USE OF LABORATORY EQUIPEMENT
C. Laboratory Thermometers Most thermometers are based upon the principle that liquids expand when heated. Most common thermometers use mercury or colored alcohol as the liquid. These thermometers are constructed as that a uniform-diameter capillary tube surmounts a liquid reservoir. To calibrate a thermometer, one defines two reference points, normally the freezing point of water (0°C, 32°F) and the boiling point of water (100°C, 212°F) at 1 tam of pressure (1 tam = 760 mm Hg). Once these points are marked on the capillary, its length is then subdivided into uniform divisions called degrees. There are 100° between these two points on the Celsius (°C, or centigrade) scale and 180° between those two points on the Fahrenheit (°F) scale. °F = 1.8 °C + 32
The Thermometer and Its Calibration This section describes the proper technique for checking the accuracy of your thermometer. These measurements will show how measured temperatures (read from thermometer) compare with true temperatures (the boiling and freezing points of water). The freezing point of water is 0°C; the boiling point depends upon atmospheric pressure but at sea level it is 100°C. Option 1: Place approximately 50 mL of ice in a 250-mL beaker and cover the ice with distilled water. Allow about 15 min for the mixture to come to equilibrium and then measure and record the temperature of the mixture. Theoretically, this temperature is 0°C. Option 2: Set up a 250-mL beaker on a wire gauze and iron ring. Fill the beaker about half full with distilled water. Periodically determine the temperature of the water with the thermometer, but be careful not to touch the walls of the beaker with the thermometer bulb. Record the boiling point (b.p.) of the water.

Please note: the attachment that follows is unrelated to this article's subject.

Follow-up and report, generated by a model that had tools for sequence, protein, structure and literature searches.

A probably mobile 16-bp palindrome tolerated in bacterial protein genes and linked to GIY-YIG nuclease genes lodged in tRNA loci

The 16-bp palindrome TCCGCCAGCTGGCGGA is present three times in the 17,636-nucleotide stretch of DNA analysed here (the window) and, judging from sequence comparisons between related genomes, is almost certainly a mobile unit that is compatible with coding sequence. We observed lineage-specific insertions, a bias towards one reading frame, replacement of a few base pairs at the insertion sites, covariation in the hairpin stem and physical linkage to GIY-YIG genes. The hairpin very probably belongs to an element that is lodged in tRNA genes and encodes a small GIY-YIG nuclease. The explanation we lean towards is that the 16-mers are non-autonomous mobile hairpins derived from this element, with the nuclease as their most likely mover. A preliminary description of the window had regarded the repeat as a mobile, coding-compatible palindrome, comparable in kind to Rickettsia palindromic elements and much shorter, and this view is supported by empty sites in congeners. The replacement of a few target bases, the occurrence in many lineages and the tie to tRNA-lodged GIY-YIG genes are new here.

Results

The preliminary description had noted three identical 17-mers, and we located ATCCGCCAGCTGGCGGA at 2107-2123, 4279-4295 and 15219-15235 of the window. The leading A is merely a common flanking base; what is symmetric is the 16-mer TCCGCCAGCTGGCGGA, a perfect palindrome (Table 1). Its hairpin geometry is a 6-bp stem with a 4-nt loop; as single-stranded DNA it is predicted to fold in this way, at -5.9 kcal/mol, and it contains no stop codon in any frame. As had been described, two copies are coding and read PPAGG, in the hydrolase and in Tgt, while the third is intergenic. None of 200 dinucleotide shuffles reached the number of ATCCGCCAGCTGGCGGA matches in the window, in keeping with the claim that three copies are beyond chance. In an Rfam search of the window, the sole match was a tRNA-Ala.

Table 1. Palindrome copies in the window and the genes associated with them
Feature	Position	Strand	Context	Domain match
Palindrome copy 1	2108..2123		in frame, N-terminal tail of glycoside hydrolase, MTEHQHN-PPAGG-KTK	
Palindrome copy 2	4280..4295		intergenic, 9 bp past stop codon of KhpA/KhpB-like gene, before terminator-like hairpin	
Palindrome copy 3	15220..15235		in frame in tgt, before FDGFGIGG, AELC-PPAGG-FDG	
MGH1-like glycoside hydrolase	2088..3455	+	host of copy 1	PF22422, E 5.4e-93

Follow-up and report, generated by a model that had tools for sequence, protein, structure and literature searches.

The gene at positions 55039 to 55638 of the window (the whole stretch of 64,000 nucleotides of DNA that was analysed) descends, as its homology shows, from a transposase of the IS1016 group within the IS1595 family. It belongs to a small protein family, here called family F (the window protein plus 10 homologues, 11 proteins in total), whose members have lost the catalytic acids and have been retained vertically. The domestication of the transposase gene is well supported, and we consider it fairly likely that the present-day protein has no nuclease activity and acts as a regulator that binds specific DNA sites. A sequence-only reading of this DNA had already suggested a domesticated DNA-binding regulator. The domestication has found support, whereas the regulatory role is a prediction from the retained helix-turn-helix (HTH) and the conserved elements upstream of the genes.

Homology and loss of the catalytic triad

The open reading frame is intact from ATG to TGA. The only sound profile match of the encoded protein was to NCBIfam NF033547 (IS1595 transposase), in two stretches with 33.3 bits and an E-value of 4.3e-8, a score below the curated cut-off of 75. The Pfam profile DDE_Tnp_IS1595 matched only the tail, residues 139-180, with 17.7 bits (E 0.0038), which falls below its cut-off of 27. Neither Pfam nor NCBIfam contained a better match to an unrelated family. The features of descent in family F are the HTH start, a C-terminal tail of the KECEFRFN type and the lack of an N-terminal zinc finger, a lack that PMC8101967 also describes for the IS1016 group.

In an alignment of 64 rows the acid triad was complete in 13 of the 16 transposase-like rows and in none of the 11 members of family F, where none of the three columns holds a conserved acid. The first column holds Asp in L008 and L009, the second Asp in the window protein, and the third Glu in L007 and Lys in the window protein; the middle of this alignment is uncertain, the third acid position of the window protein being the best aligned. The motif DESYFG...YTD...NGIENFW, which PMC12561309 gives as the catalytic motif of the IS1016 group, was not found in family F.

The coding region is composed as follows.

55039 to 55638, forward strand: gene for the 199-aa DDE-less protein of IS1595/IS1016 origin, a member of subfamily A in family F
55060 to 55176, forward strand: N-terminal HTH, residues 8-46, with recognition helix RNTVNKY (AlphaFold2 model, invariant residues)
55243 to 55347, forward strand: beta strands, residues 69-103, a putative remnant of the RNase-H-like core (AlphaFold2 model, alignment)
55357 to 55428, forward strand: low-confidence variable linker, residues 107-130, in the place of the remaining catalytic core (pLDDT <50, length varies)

Significant figures in relationship to Temperature The simple act of measuring a temperature with a thermometer can easily involve errors. Not only does the calibration of the scale on the thermometer limit the precision of the measurement, but the improper placement of the thermometer bulb in the material being measured introduces a common source of human error. When measuring the temperature of a liquid, one can minimize this type of error by observing the following procedures: 1. Hold the thermometer away from the walls of the container 2. Allow sufficient time for the thermometer to reach equilibrium with the liquid. 3. Be sure the liquid is adequately mixed.
When converting from degrees Celsius to Fahrenheit or vice versa, we make us of the following formulas:
° ° = . of °F = (1.8 x °C) + 32 𝐹𝐹−32 𝐶𝐶 � 1 8 � Example Problem: Convert 70.0°F to degrees Celsius: . . ° = . = . = 21.11°C rounded to 21.1°C 70 0°𝐹𝐹−32 38 0 𝐶𝐶 � 1 8 � 1 8 This example shows not only how the formula is used by also a typical setup of the way chemistry problems should be written. It shows how the numbers are used, but does not show the multiplication and division, which should be worked out by calculator. The answer was changed from 21.11 °C to 21.1 °C because the initial temperature, 70.0 °F, has only three significant figures. The 1.8 and 32 in the formulas are exact numbers and have no effect on the number of significant figures.